In preparation for a projected trip along the Inside Passage to Alaska, I am reading Jonathan Raban’s Passage to Juneau: A Sea and Its Meanings (New York: Pantheon Books, 1999). The book is full of delightful historical anecdotes about Captain Vancouver and other early explorers and settlers. Some got along well with the Indians: Others didn’t. One in the latter category was the Reverend Myron Eells, known for his “garrulous moralism.” More than fifty years after he passed on, he was still remembered by old people who, as children, been on canoes with him. In 1934, William M. Elmendorf interviewed a Skokomish elder who spoke of Eells as “that awful man.” The elder went on to say:

People didn’t like him very well. He was collecting Klallam words from some Klallam Indians who were visiting here one time. I had to translate for him. So he would ask them for words like father, mother, house, dog, and so on. And those people didn’t think much of Eells, so they would give him all sorts of dirty, nasty words, and he would write them down in a book. Then he would try to use some of these words. thinking he was talking Indian, and people would just about bust trying to keep from laughing.

If you have any interest in primitive languages, it would help first to see whether one is on the same wavelength as one’s interviewees. (Oh, and my apologies to Monty Python’s Flying Circus!)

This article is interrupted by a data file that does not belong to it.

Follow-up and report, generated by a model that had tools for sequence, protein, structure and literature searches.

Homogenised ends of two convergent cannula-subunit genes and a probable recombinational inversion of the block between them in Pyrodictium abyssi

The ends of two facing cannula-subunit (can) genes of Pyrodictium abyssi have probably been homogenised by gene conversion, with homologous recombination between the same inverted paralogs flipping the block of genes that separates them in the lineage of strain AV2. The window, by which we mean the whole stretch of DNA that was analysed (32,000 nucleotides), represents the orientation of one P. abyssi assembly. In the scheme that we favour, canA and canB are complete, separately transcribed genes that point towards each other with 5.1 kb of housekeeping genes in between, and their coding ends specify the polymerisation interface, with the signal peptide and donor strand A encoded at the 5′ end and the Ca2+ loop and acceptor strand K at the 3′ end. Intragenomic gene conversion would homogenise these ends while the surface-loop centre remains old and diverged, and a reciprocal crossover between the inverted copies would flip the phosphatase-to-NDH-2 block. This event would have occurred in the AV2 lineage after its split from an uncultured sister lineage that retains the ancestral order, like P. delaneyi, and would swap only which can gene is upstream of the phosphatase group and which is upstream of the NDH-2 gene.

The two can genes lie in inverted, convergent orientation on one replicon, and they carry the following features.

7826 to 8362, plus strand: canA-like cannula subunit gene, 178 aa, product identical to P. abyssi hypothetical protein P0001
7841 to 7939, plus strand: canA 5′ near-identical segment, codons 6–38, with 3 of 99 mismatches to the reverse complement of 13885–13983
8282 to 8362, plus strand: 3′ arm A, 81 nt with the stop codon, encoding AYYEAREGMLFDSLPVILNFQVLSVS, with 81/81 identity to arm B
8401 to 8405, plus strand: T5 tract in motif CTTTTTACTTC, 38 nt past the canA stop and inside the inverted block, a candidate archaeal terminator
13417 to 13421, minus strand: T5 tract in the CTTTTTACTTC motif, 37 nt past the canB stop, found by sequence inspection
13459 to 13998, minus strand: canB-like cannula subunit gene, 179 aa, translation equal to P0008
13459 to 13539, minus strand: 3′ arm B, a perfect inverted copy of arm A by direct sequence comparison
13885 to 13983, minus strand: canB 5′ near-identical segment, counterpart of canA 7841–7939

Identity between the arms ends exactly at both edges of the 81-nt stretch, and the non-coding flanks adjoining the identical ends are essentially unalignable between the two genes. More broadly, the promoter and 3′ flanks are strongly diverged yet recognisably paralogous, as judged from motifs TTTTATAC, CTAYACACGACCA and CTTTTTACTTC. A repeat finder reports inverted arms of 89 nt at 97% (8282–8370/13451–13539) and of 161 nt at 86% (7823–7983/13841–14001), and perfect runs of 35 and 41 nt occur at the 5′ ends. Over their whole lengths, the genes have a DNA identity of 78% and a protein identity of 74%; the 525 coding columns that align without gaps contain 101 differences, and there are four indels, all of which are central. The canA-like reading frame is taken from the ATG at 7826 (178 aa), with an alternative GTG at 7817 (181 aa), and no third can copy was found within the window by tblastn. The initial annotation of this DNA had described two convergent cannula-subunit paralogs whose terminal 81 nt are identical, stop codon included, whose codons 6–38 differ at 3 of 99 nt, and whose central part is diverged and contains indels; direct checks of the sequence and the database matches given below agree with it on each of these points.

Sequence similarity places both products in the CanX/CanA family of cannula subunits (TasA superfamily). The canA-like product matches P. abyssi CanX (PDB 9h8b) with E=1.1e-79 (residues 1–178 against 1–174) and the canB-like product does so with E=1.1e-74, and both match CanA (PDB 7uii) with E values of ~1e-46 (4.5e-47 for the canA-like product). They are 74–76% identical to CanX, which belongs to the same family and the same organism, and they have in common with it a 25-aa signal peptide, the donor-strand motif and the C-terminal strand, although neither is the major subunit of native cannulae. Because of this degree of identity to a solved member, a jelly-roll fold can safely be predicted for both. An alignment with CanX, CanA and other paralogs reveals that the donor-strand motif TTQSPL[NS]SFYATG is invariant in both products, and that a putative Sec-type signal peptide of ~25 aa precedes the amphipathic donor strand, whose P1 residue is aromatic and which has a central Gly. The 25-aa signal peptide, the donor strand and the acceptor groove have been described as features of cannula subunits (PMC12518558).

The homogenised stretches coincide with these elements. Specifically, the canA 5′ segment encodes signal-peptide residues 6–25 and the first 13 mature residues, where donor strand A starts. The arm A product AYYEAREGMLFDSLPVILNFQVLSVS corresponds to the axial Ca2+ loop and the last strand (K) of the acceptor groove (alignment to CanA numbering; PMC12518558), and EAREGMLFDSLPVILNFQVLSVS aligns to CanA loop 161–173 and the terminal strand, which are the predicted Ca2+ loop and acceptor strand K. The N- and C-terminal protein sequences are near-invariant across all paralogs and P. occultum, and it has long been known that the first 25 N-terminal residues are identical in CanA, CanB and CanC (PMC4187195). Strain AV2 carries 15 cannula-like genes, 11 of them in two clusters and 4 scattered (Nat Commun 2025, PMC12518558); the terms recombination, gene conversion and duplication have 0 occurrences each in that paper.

The Unrhymeables

Everyone Knows You Can’t Rhyme Anything with Orange ...

Everyone Knows You Can’t Rhyme Anything with Orange …

… but did you know that there are three major colors for which you can’t find rhymes? They are:

  1. orange
  2. purple
  3. silver

According to the Futility Closet website, there are four other common words which have no rhymes.  They are: chimney, depth, pint, and month.

There are probably at least a dozen other words which are less common which also are not part of the traditional poet’s lexicon.

 

It’s OK To Be a Fool!

When in Doubt, Use All Means To Communicate—Even If It Makes You Look Like a Fool

When in Doubt, Use All Means To Communicate—Even If It Makes You Look Like a Fool

I never took Spanish in school, so most of my knowledge of the language comes from an old Berlits Latin American Spanish phrase book. I’m pretty good at getting a place to stay, and even better at ordering a meal. What I cannot do is engage in a conversation. I will try gamely, but my Rule #1 is never ever get flustered.

Once you get flustered, the person who is talking to you will think that you are being a rude dickhead for no earthly reason. It is far better to look stupid and try patiently with your limited repertoire, including hand gestures and even written notes.

At the bus station in Cuenca, I tried hard to buy a ticket for a ride to Alausi. Although the signs on the booth indicated that Patria buses stopped there, the lady refused to sell me a ticket there. Instead she went into a long explanation which I didn’t understand. Finally, I bought a ticket instead to Riobamba, which was a major stop on the line, albeit past Alausi. I figured I could get off the bus near enough to Alausi to get there by other means—at worst walking a kilometer or two down the hill. (I knew that the buses would not stop in Alausi itself, as it was in a valley below the Pan-American Highway.)

In the end, not only did I have no trouble getting off at the Alausi bus station on the Pan-American Highway (a place called La Estación), but the conductor called a cab for me.

I think what the woman’s long explanation at the Cuenca terminal was all about was that the bus did not go into the town of Cuenca, a fact which I already knew. Although I was out about fifty cents by buying a ticket to Riobamba, everybody was a winner in this transaction.